(Reuters) – Israeli Prime Minister Yair Lapid and Turkish President Tayyip Erdogan met on the sidelines of the UN General Assembly on Tuesday for the first face-to-face talks between leaders of nations allied to the United States. since 2008, Lapid’s office said.
Relations between Israel and Turkey, long frozen amid disputes over the Palestinian cause, have heated up in recent months, with energy emerging as a key area of cooperation. New ambassadors are expected to be exchanged soon.
In addition to talking about energy, Lapid thanked Erdogan for the countries’ intelligence sharing and noted Israel’s demand for the return of four of its citizens, two of them soldiers, missing in the Gaza Strip since the 2014 war. Lapid’s office said.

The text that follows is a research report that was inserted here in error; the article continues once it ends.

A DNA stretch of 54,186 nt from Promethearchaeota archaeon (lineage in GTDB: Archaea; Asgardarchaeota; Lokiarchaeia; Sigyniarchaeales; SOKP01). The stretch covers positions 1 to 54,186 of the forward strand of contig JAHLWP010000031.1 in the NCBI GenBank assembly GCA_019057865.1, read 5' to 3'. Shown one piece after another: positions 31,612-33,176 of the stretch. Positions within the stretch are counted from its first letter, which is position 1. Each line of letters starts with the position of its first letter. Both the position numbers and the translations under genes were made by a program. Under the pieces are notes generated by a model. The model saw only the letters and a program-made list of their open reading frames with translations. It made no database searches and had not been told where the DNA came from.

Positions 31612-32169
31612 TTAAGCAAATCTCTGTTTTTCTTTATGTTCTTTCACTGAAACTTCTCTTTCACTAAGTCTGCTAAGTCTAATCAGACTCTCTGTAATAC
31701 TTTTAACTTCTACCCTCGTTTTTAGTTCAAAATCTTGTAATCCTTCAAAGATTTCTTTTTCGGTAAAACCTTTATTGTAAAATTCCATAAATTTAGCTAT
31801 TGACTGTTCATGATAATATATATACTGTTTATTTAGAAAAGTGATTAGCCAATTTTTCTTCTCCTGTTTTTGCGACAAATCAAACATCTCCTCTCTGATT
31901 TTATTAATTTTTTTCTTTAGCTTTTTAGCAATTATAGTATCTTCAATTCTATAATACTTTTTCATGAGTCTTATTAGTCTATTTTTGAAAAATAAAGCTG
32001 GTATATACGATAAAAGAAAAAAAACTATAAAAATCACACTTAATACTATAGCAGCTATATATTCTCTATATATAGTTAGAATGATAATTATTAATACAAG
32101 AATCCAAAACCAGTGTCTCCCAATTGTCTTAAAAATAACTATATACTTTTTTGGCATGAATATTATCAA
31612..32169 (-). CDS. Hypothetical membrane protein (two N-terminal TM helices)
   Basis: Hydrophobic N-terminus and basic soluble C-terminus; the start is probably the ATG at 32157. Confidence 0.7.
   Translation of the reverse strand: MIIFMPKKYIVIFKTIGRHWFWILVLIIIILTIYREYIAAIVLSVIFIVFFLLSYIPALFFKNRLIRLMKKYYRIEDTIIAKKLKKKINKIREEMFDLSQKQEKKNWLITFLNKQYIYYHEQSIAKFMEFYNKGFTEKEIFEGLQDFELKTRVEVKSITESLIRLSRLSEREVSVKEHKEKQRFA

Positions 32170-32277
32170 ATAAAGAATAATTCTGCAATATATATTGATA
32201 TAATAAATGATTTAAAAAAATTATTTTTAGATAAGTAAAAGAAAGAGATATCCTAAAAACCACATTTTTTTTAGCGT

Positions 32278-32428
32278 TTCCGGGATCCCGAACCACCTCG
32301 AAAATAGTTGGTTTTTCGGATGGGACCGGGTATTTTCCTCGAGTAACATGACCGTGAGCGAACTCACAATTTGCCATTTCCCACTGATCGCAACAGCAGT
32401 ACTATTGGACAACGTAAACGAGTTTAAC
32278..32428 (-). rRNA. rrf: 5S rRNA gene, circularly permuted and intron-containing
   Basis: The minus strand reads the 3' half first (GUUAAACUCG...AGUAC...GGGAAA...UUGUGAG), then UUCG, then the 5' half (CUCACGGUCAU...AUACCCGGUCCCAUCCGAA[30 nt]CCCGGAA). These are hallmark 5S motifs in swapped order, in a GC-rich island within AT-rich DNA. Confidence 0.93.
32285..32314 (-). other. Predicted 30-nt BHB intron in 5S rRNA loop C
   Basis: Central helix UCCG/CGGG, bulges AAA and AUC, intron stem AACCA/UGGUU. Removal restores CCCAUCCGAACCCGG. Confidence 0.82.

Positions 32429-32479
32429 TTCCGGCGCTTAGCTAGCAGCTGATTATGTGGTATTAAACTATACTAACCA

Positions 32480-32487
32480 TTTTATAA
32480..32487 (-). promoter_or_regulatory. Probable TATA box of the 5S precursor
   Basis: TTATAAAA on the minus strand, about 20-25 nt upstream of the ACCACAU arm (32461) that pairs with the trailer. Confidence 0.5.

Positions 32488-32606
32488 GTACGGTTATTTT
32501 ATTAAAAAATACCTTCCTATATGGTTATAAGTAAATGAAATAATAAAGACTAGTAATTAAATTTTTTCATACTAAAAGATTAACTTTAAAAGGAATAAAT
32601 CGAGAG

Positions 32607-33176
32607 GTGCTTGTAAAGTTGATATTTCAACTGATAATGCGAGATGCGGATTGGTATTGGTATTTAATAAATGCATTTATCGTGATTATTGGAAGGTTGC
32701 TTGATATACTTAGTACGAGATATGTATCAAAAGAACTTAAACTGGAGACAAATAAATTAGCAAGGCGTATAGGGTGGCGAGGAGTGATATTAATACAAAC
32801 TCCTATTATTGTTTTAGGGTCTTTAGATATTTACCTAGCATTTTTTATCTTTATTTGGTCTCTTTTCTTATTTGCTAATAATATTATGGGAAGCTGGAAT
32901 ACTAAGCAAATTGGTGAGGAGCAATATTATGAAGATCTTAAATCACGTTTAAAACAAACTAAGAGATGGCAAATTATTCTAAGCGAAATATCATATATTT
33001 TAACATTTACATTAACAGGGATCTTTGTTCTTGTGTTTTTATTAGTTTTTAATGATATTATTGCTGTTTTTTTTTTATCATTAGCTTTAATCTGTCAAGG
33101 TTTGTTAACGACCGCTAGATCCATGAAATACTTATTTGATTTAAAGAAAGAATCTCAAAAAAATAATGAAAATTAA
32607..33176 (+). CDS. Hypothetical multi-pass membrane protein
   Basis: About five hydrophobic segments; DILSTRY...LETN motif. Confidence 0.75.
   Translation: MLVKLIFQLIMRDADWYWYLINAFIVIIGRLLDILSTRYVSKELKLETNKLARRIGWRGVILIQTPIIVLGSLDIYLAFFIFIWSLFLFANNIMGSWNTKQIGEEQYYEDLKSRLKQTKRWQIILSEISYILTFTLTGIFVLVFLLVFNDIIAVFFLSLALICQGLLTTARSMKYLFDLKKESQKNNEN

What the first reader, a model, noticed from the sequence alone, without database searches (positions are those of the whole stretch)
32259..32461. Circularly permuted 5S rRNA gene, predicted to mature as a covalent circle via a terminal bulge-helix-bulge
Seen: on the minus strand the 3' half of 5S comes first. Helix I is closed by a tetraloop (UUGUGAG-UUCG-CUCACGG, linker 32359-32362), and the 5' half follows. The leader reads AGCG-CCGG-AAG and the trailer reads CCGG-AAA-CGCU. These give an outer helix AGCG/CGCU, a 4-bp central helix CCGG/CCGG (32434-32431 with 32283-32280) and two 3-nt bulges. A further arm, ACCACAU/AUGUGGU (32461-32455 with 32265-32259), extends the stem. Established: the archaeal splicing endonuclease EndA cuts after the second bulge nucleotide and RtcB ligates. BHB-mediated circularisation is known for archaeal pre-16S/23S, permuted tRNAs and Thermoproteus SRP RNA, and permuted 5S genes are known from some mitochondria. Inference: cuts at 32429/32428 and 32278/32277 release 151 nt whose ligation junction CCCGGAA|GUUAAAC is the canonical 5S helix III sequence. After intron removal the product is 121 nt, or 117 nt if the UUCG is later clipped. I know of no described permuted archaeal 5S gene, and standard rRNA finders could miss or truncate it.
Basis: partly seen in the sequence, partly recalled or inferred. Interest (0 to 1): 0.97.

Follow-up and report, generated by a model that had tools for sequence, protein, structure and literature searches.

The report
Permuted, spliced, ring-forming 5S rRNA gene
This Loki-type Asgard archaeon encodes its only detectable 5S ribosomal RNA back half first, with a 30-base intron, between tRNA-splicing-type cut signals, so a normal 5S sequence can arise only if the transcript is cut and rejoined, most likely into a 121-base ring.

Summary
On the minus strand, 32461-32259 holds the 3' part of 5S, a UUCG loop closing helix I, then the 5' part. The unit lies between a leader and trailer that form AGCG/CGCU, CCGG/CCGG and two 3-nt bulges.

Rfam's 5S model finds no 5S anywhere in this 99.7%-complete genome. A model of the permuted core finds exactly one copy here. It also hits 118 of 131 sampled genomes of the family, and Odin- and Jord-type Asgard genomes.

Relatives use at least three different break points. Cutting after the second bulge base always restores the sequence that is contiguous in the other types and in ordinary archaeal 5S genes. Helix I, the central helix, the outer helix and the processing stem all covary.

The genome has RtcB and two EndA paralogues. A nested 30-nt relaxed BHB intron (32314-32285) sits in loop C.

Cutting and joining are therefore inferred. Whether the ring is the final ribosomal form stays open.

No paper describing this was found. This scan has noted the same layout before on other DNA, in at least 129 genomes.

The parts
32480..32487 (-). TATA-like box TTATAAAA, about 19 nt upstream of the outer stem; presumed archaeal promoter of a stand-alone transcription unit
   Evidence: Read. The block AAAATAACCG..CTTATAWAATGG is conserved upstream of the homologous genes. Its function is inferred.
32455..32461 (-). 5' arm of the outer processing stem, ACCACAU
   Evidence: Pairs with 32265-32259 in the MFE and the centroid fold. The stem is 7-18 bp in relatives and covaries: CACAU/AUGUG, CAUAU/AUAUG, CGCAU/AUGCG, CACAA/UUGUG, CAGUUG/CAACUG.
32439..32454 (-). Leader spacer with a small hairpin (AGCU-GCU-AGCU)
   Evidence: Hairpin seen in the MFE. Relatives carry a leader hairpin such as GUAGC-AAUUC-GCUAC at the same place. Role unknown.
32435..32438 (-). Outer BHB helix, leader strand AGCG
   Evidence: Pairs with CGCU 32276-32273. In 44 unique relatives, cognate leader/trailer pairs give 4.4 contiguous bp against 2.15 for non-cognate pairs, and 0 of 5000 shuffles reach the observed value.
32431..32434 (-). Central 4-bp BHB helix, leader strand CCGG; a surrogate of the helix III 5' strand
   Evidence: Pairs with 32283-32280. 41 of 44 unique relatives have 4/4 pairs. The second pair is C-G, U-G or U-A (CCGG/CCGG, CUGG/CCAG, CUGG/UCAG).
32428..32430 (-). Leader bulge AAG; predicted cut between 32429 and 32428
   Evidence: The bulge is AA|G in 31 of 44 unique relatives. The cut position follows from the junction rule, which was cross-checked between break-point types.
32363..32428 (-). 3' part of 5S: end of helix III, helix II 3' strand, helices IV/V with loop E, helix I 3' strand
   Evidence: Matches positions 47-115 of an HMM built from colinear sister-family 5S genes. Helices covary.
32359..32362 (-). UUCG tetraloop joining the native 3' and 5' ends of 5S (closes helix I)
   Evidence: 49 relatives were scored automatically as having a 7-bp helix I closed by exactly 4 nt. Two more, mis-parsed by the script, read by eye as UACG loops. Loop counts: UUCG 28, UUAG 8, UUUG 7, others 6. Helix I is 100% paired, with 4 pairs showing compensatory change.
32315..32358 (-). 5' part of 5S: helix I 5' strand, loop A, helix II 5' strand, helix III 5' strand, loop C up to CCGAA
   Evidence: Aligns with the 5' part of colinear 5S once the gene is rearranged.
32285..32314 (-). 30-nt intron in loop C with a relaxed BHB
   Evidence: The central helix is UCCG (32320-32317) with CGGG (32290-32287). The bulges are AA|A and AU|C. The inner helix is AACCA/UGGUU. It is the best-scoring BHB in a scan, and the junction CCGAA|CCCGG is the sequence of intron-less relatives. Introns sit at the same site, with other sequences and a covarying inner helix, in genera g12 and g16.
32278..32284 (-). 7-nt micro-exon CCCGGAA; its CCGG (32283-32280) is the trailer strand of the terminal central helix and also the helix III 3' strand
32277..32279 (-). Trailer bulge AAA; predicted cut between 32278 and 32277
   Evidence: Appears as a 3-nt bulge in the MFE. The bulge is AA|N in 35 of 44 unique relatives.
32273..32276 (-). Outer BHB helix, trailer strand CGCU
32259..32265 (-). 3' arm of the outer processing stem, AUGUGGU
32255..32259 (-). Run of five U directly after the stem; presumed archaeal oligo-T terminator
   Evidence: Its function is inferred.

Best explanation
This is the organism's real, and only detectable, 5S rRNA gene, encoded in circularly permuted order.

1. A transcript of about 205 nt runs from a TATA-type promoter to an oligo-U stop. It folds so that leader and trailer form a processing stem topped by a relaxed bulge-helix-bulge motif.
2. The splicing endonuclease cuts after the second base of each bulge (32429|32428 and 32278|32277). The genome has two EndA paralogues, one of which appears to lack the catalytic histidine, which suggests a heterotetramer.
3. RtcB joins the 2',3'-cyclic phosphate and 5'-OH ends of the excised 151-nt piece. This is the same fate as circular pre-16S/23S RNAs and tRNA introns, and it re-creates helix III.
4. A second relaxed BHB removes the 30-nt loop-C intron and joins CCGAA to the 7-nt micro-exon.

NATO member Turkey has hosted members of Hamas, a Palestinian Islamist movement that rules Gaza and is designated as a terror group by much of the West. That relationship has often been a sticking point in attempts to rebuild ties with Israel.
Ankara, for its part, was outraged by the 2010 killing of 10 Turkish activists in fights that broke out when Israeli marines stormed a ship trying to break Israel’s naval blockade on Gaza.
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(Written by Dan Williams; Editing by Michael Perry)
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